Gluten & Grains


Science & Medicine

Medical Conditions

Tips and Hints

Food Groups

Suggested Reading


Organisations and Self Help Groups

Companies which sell Gluten Free Products

Cookery Books


Dove's Farm Recipes

Children's Recipes



A gluten free diet is a simple concept which can be difficult in practice.

The basic idea is to exclude wheat and 'gluten' from the diet. So the first thought is ok no bread, no biscuits, no pasta - the problem however is that very many foods contain wheat or gluten as a thickener (sauces , gravies, soups) or to help fermenting process (beers, soya sauce, malt vinegar) so its very much a case of reading loads of small print at the supermarkets.

In Europe it is much easier to follow a gluten free diet than in North America - Italy is probably the most advanced with lots of good gluten free pasta brands, crackers that taste like crackers and easy to follow labelling. In Italy gluten free products are mainly sold in pharmacies and can also be obtained on prescription and the chemists are very knowledgeable and helpful on dietary exclusions. There is also a gluten free restaurant in Rome.

In contrast - try asking for gluten free products in Los Angeles! You are treated like some mad person and they wonder if you have escaped from Roswell's Area 51.


Science and Medicine

Gluten is the common name for the protein or gliadin part of grain. The gliadins found in varieties of grains vary slightly but all can cause allergy or intolerance. The gliadin found in oats is less allergenic and some people can tolerate it whereas other do not (see below). The scientific terms for the proteins that cause allergy can be confusing but here is the full story for those who like the facts -


The toxic component of the gluten molecule lies in the prolamin portion. In wheat this portion is called gliadin. It comprises approximately 40 - 50% of the protein. In rye this portion is called secalin. It comprises approximately 30 - 40% of the protein. In barley this portion is called hordein. It comprises approximately 35 - 45% of the protein. In oats this portion is called avenin. It comprises approximately 10 - 15% of the protein. There are prolamins in rice, corn and other foods but these do not contain the toxic tetrapeptide(s)


So broadly speaking, Gluten is the protein part of wheat, rye, barley, and other related grains.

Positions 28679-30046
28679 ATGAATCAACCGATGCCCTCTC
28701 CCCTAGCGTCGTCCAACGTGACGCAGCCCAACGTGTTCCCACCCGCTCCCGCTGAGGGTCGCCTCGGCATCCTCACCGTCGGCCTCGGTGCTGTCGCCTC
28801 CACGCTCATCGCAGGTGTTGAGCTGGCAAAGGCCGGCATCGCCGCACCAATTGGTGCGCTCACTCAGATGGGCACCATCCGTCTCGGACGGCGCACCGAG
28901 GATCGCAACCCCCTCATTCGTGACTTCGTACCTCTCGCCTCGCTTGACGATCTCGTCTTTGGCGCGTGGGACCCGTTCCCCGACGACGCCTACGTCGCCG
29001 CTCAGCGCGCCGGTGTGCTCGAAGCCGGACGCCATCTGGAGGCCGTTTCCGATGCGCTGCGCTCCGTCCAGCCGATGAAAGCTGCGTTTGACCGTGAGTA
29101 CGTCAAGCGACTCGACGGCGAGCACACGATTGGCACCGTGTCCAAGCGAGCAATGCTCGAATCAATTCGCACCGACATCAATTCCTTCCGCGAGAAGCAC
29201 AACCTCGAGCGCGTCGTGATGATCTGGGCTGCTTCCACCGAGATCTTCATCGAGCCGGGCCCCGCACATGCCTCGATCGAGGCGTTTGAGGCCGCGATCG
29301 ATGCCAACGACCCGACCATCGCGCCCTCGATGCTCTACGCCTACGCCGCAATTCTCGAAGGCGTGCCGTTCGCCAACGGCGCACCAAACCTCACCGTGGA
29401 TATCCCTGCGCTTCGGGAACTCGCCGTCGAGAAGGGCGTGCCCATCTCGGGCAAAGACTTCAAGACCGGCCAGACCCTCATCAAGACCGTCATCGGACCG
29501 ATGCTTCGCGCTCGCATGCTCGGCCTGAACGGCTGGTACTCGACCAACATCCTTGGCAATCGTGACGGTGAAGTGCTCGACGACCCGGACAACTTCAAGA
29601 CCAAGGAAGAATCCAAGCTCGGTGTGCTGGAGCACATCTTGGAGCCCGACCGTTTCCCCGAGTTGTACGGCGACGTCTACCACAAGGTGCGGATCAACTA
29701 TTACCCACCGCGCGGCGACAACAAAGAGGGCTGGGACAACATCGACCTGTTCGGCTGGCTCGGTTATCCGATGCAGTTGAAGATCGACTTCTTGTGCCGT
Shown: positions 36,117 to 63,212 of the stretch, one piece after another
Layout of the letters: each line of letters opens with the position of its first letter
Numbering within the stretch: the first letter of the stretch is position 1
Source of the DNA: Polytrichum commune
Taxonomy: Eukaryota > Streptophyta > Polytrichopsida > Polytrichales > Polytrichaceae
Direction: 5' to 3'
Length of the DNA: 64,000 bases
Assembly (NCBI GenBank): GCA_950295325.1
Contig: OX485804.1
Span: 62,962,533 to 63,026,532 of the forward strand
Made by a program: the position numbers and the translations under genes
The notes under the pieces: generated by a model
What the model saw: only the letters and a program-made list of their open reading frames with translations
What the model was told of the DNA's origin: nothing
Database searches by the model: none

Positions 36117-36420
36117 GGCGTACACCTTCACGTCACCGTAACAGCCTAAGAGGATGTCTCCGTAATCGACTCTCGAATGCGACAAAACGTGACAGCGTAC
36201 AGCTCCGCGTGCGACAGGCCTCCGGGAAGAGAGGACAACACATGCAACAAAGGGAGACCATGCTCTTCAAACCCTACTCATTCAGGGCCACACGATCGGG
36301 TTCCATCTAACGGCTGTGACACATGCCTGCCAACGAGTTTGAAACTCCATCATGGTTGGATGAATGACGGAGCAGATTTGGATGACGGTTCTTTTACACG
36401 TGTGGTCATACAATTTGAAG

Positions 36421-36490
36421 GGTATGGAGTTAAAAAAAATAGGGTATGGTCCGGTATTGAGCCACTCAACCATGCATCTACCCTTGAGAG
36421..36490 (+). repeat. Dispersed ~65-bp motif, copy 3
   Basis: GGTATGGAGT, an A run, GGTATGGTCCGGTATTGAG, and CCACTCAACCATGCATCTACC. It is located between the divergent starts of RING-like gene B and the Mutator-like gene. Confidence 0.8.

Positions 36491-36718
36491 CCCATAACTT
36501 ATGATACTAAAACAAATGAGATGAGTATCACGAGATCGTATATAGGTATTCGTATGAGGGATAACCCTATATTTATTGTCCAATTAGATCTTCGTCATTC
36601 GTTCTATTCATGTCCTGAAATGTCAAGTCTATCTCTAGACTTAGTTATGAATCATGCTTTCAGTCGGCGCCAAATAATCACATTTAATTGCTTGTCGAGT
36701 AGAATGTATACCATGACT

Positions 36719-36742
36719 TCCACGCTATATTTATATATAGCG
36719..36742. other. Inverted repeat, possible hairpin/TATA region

Medical conditions

The conditions caused by gluten sensitivity or intolerance fall into three main types- all of which may overlap or coexist in the individual.

1. Gluten sensitivity can cause an IBS (Irritable Bowel Syndrome) type of disorder. Bloating and discomfort with varying periods of constipation and then diarrhoea can occur.

2. A more severe reaction can occur in some people who cannot tolerate gluten when it comes in contact with the small intestine. In this case the lining of the small intestine can be damaged interfering with absorption of nutrients and various deficiencies. This causes pain, bloating gas and severe diarrhoea. This condition is known as celiac disease (sometimes called non-tropical sprue or gluten sensitive enteropathy).

3. Symptoms can affect other parts of the body including the skin and there is good evidence that a skin disorder called dermatitis herpetiformis is associated with gluten intolerance.


Removing gluten from the diet can alleviate symptoms in nearly all patients and in coeliac patients the villi or lining of the intestine are able to heal and regrow so improving digestion and nutrient absorption.


Removing gluten from the diet is not easy. Grains are used in the preparation of many foods. It is often hard to tell by an ingredient's name what may be in it, so it is easy to eat gluten without even knowing it. However, staying on a strict gluten-free diet can dramatically improve the patient's condition. Since it is necessary to remain on the gluten-free diet throughout life, it will be helpful to review it with a registered dietician.